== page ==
Taiwanese Buns at Bao in Soho

Bao Soho | Taiwanese Street Food | 53 Lexington Street, W1F 9AS London
No reservations | £20pp | www.baolondon.com

New street food restaurant in London? Give me a few minutes and I’ll be there! To London foodies, Bao is probably nothing new. Known for their Taiwanese steamed buns at Netil Market, Bao has opened a casual restaurant for quick eats with an extended menu in Soho. Though, count in some food-market-style standing, because the queue is long!

I think I went on a Monday evening to meet some people from Central Dish, a new website that recommends dishes (!) to you. So I used the time in the queue to learn more about Central Dish and what is has in store for foodies like myself. I really like the concept because when I’m looking for something to eat, I’m looking for one or two dishes and not for eating my whole way through the menu (I wish I could without bursting). Excited for how they are developing the product as its still the beta phase. By the time we finished our queue-meeting (~40min), we were seated at the counter of this living-room sized restaurant and choose the dishes from the tick-list menu (see all dishes on Central Dish).

Besides the six bao, they also offer nine xiao chi (small eats) that are probably new to most of us non-Taiwanese folks (e.g. pig blood cake or trotter nuggets). Luckily the prices are quite affordable (£6 for the priciest one) and the dishes fairly small, so order a mix to share! We kicked off our dinner with some refreshing Taiwanese Foam Tea which was the perfect base for what was to come, light in flavour with the foam creamy and slightly sweet. The Classic Bao was my favourite. It was filled with deliciously savoury-sweet braised pork which was balanced out by the refreshing taste of fermented greens and coriander. Though, it was the addition of peanut powder that won me over. We also tried the Crumbed Daikon Bao (only veggie option) and the Lamb Bao. Both were just as tasty, though, hot sauce and soy pickled chilli were a little too spicy for my chilli-weakness. Nonetheless, the chunky daikon covered in light crispy batter was delightfully fluffy and had a hint of sweetness, while the lamb shreds were perfectly tender.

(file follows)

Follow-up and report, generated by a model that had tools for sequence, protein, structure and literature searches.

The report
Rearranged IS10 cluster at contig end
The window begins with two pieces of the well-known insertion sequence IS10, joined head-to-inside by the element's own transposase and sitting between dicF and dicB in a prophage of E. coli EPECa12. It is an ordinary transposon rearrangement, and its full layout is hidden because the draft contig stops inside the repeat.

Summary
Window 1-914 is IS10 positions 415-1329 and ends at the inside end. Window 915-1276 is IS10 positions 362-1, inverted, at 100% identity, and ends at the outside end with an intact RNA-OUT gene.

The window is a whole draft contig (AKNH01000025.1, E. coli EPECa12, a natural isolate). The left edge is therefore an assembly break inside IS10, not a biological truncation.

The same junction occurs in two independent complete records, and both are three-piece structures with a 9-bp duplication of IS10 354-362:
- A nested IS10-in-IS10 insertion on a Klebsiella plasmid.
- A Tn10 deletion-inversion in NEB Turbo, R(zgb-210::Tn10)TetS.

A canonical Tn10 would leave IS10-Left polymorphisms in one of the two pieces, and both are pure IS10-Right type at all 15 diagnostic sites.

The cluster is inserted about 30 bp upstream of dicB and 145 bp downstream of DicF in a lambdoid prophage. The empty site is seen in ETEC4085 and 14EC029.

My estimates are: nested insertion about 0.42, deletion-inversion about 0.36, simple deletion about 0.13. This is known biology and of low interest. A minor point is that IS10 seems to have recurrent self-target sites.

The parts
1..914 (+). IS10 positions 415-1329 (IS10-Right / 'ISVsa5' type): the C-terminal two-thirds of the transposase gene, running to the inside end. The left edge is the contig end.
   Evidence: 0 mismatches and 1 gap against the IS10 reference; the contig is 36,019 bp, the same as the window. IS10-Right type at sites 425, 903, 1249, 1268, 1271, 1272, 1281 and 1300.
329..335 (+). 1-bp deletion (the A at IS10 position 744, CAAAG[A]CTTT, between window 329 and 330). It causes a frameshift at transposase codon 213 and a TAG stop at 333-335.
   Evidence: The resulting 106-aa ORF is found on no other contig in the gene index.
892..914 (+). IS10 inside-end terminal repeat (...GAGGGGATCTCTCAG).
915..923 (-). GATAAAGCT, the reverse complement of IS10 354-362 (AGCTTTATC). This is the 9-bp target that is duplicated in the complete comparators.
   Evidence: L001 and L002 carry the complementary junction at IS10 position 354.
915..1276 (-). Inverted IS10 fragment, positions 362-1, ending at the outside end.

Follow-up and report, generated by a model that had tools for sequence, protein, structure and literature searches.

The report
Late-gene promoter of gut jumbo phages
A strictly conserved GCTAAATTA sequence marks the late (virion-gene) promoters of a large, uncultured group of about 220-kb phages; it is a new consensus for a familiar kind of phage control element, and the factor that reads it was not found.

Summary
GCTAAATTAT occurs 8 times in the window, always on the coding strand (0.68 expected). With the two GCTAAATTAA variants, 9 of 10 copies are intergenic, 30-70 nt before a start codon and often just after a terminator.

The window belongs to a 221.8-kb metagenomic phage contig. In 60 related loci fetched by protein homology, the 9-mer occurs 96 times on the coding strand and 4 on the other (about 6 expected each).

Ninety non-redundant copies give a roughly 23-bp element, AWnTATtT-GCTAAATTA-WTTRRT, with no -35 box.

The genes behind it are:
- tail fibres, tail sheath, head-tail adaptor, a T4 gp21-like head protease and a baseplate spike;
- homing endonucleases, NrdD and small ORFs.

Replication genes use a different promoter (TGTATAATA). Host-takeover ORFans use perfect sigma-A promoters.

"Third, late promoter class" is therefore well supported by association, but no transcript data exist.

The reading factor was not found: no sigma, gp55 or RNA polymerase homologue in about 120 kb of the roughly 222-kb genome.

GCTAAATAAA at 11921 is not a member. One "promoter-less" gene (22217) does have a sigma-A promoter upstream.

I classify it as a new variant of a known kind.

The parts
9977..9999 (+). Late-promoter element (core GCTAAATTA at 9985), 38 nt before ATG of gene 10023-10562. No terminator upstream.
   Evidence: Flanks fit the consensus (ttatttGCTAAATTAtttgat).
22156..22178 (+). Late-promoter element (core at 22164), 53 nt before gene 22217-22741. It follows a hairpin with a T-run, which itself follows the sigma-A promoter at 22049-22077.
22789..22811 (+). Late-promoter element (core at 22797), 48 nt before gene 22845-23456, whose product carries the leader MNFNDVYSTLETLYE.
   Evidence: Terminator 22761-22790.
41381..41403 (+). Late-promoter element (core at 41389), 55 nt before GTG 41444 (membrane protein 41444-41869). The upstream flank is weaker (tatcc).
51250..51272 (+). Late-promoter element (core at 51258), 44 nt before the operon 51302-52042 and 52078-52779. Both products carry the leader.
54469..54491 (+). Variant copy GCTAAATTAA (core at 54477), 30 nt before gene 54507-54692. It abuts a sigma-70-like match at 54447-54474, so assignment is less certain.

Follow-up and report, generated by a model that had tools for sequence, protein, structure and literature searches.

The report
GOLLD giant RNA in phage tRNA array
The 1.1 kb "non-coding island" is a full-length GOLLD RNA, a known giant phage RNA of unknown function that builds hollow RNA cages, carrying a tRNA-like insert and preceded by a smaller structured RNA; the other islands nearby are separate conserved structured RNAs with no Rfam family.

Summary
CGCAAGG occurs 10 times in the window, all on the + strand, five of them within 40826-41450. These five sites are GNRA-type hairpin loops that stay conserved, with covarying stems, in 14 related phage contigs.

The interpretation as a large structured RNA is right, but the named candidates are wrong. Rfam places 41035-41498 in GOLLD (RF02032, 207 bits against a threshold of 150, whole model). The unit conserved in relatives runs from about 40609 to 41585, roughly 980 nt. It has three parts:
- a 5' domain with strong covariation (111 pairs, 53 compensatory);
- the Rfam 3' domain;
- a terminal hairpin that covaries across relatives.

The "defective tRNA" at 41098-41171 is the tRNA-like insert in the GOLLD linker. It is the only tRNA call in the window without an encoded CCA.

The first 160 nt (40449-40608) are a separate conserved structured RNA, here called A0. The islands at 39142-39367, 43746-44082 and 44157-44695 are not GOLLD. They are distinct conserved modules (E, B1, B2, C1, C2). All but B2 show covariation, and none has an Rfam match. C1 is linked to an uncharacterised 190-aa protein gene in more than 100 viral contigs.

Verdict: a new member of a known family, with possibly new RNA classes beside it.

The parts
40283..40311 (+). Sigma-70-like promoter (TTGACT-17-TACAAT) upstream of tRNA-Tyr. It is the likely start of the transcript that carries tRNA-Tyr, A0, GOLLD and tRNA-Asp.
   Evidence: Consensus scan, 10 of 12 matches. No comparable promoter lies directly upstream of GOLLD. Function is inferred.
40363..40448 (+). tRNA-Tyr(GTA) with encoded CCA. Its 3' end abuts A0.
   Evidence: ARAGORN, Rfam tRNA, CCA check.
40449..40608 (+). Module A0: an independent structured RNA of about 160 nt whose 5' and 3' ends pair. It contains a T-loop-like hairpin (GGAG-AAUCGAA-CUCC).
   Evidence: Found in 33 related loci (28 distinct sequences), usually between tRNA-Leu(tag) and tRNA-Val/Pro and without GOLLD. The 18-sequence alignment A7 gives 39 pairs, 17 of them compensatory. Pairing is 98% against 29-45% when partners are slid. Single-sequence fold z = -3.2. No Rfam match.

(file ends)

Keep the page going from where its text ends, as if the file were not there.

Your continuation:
Since we were all adventurous foodies, of course, we tried the Pig Blood Cake. It was a savoury delight topped with a gorgeously soy-aged egg yolk (and actually not scary when you know blood sausage or haggis). The most expensive dish on the menu is the 40 Day Rump Cap (£6). You get served six incredibly tender, yet chewy slices of steak (due to the fatty bits) packed with flavour. Definitely delicious, but maybe not unique enough for me to order again. The Aubergine with Wonton Crisps were a great mix of softness and crunchiness in combination, it’s sweet and tangy dish that’s great for those who love that kick of chilli (me excluded). We ended the dinner with some Fried Horlicks Ice Cream Bao. A bit of a challenge when eating, but when squeezing the two fried buns together, you are (less-messy) treat! Crispy sweetness outside and refreshing creaminess inside. Yummy!

So what do I take home from my dinner? I love peanut powder with braised pork, I can’t eat chilli, Central Dish seems to have an exciting future ahead and I have a thing for tea with foam (ordered two!). I get why everyone’s been raving about Bao and it’s definitely a place worth trying out for their well-crafted and unique menu. However, I wouldn’t call it a “must-visit” as those reasonable prices add up at the end. I would totally go there regularly to have the Classic Bao, but considering the waiting times, it’s hardly a place you can visit without having patience.

Rating: ★★★★☆